How my exit plan turned into a home run deal blog by RJ PalanoRecently I wrote about a property we acquired at 761 Sacketts Court in Lawrenceville, Georgia, and in that article, I discussed the various exit plans for the property.

Since it was acquired for $50,000 under current market value, it would have been really easy to flip to an investor “as-is” for a minimum of a $25,000 profit.

I also could have sold it retail to an end user for approximately $50,000 profit. These are good problems to have, and it gets even more interesting. The specific terms of this transaction are as follows:
• Sales price was $165,000
• Subject to an existing debt of $155,000
• $10,000 due to the seller at closing

How my exit plan turned into a home run deal by buying a house "subject to the mortgage"l blog by RJ Palano in his series Art of the Deal for Personal Real Estate Investor MagazineThe property had very attractive financing at 3.1% with a monthly payment on a 15-year term with only 14 years remaining of just over $1,300 per month.

The property will rent for $1,600 per month. Due to the 15-year amortizing loan at 3.1%, the property had a high loan debt constant.

The reason for this is because approximately $900 per month is the principal pay-down on the note. The problem with such a high principal payment is that the interest deduction is very low and most of the rental income will not be offset by the interest and the depreciation deduction. I like the idea of the house being free and clear in 14 years, so rapid principal pay-down excites me.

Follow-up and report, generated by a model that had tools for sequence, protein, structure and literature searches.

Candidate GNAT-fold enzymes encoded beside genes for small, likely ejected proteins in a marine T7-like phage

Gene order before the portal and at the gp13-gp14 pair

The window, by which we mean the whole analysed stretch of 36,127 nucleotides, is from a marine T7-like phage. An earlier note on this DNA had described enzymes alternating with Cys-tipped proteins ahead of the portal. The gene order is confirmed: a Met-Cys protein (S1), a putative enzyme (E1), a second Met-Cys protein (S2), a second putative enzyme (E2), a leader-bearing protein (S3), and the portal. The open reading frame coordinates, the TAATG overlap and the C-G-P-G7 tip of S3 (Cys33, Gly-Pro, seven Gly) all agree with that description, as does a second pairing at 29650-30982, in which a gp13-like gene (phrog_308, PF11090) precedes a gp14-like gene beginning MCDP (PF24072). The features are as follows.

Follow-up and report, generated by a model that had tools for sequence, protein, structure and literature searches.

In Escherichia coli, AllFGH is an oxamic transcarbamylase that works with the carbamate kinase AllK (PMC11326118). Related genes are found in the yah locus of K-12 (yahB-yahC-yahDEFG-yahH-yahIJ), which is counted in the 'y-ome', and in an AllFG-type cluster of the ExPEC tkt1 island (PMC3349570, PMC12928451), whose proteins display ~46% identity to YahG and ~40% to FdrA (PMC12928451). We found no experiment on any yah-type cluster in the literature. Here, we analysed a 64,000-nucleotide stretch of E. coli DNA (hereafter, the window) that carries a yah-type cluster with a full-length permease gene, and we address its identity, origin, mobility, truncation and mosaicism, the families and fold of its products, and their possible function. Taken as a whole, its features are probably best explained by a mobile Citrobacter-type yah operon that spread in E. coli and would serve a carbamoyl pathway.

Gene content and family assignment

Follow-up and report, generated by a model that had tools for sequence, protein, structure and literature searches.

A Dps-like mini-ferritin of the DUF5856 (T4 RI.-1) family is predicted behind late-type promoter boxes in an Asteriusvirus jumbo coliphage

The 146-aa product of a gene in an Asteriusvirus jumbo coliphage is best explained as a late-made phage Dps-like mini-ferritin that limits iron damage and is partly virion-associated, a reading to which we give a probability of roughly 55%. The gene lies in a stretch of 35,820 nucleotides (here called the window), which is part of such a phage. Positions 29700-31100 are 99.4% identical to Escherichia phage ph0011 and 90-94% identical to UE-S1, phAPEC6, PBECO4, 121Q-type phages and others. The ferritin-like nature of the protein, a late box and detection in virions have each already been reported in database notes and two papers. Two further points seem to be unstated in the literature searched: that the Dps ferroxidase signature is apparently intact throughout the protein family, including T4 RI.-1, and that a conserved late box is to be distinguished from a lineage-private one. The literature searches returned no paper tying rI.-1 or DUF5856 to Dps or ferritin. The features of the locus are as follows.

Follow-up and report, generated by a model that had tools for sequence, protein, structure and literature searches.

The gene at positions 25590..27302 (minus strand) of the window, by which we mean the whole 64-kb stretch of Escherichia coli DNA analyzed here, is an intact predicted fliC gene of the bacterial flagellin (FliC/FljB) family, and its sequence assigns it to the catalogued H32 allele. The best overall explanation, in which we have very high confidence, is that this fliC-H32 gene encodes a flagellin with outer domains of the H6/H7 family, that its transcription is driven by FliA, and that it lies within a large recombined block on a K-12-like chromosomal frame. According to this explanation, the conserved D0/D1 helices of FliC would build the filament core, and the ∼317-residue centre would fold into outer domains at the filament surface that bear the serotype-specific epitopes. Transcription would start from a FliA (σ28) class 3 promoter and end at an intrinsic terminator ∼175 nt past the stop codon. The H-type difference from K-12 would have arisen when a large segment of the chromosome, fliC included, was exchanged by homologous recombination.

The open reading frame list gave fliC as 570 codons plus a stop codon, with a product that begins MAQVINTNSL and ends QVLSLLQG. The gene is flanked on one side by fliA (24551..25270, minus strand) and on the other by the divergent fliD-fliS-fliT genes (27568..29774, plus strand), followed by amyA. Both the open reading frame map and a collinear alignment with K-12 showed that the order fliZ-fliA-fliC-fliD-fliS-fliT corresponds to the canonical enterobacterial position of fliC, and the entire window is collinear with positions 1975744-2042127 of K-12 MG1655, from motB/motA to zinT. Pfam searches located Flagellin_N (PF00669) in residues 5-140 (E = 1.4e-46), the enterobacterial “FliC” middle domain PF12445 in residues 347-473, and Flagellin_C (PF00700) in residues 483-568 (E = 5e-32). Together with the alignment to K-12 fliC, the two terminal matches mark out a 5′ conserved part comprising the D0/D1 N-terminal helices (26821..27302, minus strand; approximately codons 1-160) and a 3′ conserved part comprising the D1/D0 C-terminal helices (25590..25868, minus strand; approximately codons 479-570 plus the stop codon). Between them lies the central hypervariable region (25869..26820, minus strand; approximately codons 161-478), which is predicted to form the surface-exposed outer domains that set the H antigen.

So here’s what I did:

I acquired the property in my Roth Solo 401(k), which is a retirement account. Since it is a Roth retirement account, the rental income and future sale proceeds will never be taxed.

Since it is a 401(k) and not an IRA, there is no income tax on the amount of the purchase price that was financed. Initially, I was going to hold the property in my personal account because of the depreciation and rapid pay-down of the mortgage. However, keeping a quality house inside a retirement account for the production of income without being taxed on the principal portion of the mortgage was clearly the best choice.

Since the property is sole security for the debt, as it was purchased subject to the existing debt and not assumed by personal guarantees, it becomes a non-recourse loan and perfect for a retirement account.

On the surface, this might seem like a great deal for me and not so good for the owner.

Click below and see what the owner said a few days before closing:

Call me if you have any questions on how to structure transactions such as these.

To your investment success,

RJ Palano


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  • R J Palano

    RJ Palano is the acquisition director of, a Tampa, Florida-based company that primarily provides turnkey houses for investors in the metropolitan Atlanta and Tampa Bay areas. His property management experience spans more than 35 years, and he has been involved in more than 3,000 real estate transactions in 12 states and more than 50 cities. Contact him at 813-495-3006 or

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